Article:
President Abdel Fattah El Sisi holds a luncheon for leaders who participated in the inauguration of the July 3 Navy Base in the city of Gargoub, Marsa Matrouh- screenshot from the presidency's video.
CAIRO – 4 July 2021: Egyptian President Abdel Fattah El Sisi stated on Saturday evening that the negotiations with Ethiopia over the controversial Grand Ethiopian Renaissance Dam (GERD) cannot be endless.
“Egypt appreciates and understands the requirements of Ethiopian development, but such development should not be at the expense of others,” said President Sisi at a luncheon held for the international leaders who participated in the inauguration of the July 3 Navy Base in the Mediterranean city of Gargoub, Marsha Matrouh, on Saturday.
President Sisi talked about the Ethiopian approach that has been taken over the past ten years, without reaching a binding international agreement, calling for other countries’ support for Egypt’s stance.
The President affirmed that Egypt has not directly or indirectly threatened anyone throughout history, despite its military power.
The luncheon was attended by Crown Prince of Abu Dhabi Sheikh Mohamed bin Zayed and Head of Libya's Presidential Council Mohammed Menfi, Egyptian Prime Minister Mustafa Madbouly, Egyptian Minister of Defense General Mohamed Zaki, and a number of leaders of the armed forces and senior officials.
In April 2021, Egypt sent to the United Nations on the issue, voicing its rejection to the Ethiopian intransigence to reach an abiding legal agreement on the dam.
Egypt said that the failure of reaching an agreement threatens international peace and security, and threatens to increase tension in East Africa and the Horn of Africa, Al Shorouk newspaper reported after having a copy of Egypt’s letter.
Cairo also stated that Ethiopia’s action of the second filling the dam’s reservoir with 13.5 billion cubic meters will cause damages and catastrophe to the two downstream countries [Egypt and Sudan].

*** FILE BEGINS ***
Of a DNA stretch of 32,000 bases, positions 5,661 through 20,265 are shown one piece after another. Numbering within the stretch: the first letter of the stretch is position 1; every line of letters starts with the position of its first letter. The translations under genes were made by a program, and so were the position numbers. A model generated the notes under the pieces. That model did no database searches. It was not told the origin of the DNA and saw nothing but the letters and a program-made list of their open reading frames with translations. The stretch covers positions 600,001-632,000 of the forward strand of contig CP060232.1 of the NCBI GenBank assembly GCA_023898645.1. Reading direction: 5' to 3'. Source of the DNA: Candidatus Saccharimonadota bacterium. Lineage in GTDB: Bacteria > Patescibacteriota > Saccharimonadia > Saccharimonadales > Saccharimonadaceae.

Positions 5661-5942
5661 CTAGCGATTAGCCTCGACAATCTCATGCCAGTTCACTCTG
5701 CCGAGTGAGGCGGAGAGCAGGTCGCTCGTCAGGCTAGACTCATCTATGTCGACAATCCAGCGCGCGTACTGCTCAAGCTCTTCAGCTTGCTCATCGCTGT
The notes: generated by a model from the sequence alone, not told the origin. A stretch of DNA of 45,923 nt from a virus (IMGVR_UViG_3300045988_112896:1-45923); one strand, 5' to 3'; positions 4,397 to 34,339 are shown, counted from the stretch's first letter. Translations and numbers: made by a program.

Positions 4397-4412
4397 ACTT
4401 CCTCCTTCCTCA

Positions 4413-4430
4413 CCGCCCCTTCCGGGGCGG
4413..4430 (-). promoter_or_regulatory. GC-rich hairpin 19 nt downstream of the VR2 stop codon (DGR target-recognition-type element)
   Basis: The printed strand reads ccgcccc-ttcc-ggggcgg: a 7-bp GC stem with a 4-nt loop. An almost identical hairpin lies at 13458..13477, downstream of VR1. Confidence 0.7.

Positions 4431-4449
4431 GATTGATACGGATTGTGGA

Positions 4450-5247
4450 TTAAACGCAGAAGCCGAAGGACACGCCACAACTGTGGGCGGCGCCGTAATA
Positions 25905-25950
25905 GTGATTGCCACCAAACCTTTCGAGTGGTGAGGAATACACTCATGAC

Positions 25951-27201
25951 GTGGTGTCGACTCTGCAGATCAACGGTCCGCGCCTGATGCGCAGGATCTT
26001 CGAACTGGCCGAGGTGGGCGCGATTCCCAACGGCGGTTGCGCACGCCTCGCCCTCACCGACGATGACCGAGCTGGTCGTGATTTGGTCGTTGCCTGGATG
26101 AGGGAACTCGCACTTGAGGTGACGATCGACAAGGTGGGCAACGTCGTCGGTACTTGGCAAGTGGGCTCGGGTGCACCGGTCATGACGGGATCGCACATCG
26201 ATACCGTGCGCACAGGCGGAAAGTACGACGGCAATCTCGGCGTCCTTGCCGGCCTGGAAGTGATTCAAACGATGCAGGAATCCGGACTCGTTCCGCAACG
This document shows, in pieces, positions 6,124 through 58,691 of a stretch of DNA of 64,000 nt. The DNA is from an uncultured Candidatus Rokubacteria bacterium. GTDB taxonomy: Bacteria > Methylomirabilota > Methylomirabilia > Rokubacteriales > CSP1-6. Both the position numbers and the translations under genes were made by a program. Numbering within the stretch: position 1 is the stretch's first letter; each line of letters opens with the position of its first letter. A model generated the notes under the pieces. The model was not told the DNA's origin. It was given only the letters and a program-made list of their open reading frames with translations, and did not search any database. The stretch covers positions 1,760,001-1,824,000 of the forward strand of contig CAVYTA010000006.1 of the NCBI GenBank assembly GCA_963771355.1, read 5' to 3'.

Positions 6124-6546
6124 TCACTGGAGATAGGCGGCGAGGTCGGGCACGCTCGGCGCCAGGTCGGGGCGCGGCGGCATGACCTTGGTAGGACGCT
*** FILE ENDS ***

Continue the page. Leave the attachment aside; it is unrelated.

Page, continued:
“The negotiation process led by the African Union (AU) has so far proved its uselessness,” the letter said, adding “After eight months of negotiations, we are not close to signing an agreement.”
Egypt also added that Ethiopia has rejected all the proposals submitted by Egypt and Sudan to move the negotiations forward, continuing that mechanism of data exchange on the dam’s operation that was submitted by Ethiopia imposes the policy of fait accompli on Egypt amid the absence of a legal agreement.
Egypt calls on the international community to urge Ethiopia to participate in the negotiations to reach an agreement in the coming months.
The three countries held several tripartite meetings since 2014 to reach a comprehensive agreement on the dam’s filling and operation. However, no final agreement has been reached yet and each party blames the other for the failure of the negotiations.
In mid-July 2020, Ethiopian authorities unilaterally carried out the first phase of the filling process with 4.9 billion cubic meters; and it is expected that the second phase of the filling would reach 13 billion cubic meters.
The dispute among Egypt, Sudan, and Ethiopia dates back to May 2011 when Ethiopia started building the dam; Egypt voiced concern over its water share [55.5 billion cubic meters].
In 2015, the three countries signed the Declaration of Principles, per which the downstream countries should not be negatively affected by the construction of the dam, whose capacity is 74 billion cubic meters and is planned to generate 6,000 megawatts per annum through 16 turbines.